OTTAWA - An Ontario Court judge has struck down a cherished part of the Harper government's tough-on-crime agenda.

Justice Paul Bellefontaine ruled Friday in Oshawa, Ont., that Christopher Lewis — a crack dealer who offered to sell an undercover police officer a gun — should not have to face the mandatory minimum sentence of three years in jail for firearms trafficking.

Mandatory minimum sentences are the backbone of the Conservative reforms to criminal law.

But Lewis' lawyer, Jeffrey Mazin, said three years was far too much for someone who never had a gun, nor did he ever intend to sell one to the officer.

"Basically it was a sales pitch — to keep the officer interested in further drug sales," Mazin, a Toronto criminal defence lawyer, said in an interview.

The federal government's 2008 changes to the criminal code increased penalties in a number of areas, including gun control, drunk driving and the age of consent.

The Oshawa case only dealt with the firearms trafficking part of the Tackling Violent Crime Act, in which offering to sell someone a gun carries an automatic three-year sentence.

Mazin argued that the mandatory minimum sentence in this case was too harsh, and would run up against the Charter of Rights and Freedoms provisions against cruel and unusual punishment.

"The reality is ... it's remarkably easy to commit in terms of the element of the offence. All you need to do is make an offer and intend that the recipient take it seriously."

The judge agreed, saying the penalty was disproportionate.

He gave Lewis one year in jail for the firearms offence — although he also gave him an extra two years for other drug-related offences.

There are implications for other cases, Mazin said.

"(It) demonstrates that not all gun offences should be punished the same way. Different firearms offences can be committed in a myriad of ways, with different levels of culpability."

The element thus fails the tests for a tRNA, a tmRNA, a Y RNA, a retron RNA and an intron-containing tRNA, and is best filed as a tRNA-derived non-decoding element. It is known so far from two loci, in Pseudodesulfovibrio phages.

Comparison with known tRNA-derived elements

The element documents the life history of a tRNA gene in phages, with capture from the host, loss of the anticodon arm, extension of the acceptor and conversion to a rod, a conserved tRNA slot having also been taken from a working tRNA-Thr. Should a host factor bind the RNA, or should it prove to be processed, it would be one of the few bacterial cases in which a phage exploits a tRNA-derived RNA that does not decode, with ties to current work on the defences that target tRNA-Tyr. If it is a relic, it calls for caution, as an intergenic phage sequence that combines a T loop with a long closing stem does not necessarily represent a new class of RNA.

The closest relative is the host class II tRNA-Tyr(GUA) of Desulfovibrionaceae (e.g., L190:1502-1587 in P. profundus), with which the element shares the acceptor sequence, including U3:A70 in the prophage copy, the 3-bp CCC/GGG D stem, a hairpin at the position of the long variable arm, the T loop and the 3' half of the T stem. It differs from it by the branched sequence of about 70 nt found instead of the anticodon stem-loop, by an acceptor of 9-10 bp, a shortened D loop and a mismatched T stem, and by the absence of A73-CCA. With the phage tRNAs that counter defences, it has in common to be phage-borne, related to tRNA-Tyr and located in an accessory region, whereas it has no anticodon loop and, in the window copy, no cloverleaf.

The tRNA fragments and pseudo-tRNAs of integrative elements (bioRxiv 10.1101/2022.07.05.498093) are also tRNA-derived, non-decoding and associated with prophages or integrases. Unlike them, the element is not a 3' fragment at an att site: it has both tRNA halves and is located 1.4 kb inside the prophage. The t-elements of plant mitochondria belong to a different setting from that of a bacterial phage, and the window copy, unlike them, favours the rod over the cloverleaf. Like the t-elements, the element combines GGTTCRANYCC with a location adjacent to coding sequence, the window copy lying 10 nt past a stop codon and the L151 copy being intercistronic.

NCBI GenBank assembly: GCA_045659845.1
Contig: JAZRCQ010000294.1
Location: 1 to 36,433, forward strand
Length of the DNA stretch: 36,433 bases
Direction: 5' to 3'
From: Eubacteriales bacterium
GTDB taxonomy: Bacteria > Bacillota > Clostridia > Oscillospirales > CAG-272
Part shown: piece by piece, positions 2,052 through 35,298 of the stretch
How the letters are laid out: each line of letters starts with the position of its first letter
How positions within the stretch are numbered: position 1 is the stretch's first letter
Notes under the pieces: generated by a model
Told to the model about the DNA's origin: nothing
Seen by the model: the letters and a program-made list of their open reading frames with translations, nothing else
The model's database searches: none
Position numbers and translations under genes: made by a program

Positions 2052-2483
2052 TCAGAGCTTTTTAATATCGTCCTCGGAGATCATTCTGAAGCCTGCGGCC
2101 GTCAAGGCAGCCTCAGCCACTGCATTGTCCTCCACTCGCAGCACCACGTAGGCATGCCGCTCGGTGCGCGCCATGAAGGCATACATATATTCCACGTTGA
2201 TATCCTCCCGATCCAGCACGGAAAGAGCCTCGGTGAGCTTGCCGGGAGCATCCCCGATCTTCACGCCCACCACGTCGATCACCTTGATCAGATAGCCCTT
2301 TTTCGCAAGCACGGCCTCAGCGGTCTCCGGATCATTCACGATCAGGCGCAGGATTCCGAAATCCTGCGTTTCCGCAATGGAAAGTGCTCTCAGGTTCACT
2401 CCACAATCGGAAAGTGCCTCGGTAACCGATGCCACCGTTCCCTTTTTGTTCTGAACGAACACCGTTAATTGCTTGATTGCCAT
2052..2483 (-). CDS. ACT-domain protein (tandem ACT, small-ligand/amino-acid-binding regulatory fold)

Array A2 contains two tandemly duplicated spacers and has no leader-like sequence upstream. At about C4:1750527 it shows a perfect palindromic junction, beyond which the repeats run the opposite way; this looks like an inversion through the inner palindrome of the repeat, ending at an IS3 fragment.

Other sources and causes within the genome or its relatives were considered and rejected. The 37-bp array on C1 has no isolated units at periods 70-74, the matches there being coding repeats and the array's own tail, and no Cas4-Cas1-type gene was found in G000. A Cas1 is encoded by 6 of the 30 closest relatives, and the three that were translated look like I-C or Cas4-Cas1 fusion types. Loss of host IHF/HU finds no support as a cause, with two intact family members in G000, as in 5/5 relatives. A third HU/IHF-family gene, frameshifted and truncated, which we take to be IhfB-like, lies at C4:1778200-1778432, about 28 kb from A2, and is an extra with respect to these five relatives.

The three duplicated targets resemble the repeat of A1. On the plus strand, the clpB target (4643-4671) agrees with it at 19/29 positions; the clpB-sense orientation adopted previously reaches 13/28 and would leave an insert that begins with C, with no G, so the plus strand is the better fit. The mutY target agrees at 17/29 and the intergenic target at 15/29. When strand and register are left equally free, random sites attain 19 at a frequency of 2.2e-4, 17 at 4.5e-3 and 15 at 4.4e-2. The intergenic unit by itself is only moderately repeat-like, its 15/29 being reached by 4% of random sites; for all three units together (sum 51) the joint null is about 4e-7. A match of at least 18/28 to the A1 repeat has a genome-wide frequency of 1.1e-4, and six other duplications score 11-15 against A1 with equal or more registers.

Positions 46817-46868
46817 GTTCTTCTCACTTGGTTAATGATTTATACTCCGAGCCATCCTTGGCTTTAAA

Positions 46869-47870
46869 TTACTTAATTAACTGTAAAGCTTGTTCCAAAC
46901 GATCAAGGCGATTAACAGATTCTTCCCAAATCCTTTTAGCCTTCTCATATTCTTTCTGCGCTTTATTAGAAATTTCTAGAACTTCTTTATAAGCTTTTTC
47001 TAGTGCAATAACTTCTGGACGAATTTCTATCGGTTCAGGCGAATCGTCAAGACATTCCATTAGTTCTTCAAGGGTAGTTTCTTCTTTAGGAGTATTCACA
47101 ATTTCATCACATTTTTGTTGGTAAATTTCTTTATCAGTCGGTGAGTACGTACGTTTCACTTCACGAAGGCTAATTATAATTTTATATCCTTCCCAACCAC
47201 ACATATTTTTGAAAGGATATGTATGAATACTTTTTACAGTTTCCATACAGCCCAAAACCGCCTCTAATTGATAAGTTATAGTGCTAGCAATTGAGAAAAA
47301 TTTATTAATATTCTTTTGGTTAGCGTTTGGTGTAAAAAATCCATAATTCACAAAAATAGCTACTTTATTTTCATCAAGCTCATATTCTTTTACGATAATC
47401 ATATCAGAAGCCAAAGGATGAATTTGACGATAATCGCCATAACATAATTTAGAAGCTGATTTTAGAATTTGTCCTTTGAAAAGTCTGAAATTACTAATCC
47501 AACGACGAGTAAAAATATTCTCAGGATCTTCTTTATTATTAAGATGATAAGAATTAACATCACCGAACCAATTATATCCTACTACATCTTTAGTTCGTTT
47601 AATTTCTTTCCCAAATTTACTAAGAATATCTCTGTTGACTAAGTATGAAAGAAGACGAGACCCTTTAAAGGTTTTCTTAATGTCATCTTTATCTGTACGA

Lewis was convicted after selling crack cocaine to an undercover officer on a few occasions, and then offered to sell him a .45 calibre gun, Mazin said.

Mandatory minimums are included in several areas of the Conservative crime reforms, but they have drawn much criticism for being too inflexible and not effective in deterring crime.

Mazin said Friday's ruling was the first time a judge has struck down the mandatory minimum for firearms trafficking.

But it's not the first time a judge has challenged Ottawa's 2008 law. In February, Ontario Superior Court Judge Anne Molloy struck down a three-year minimum sentence for a first offence of illegally possessing a loaded gun.

A spokeswoman for Justice Minister Rob Nicholson offered little comment on Lewis' case Friday, but said the Conservative government believes that for certain offences a minimum period of incarceration is justified to protect public safety.

"Parliament acted because Canadians were concerned that the courts were not applying appropriate sentences for serious gun crimes," said Julie Di Mambro.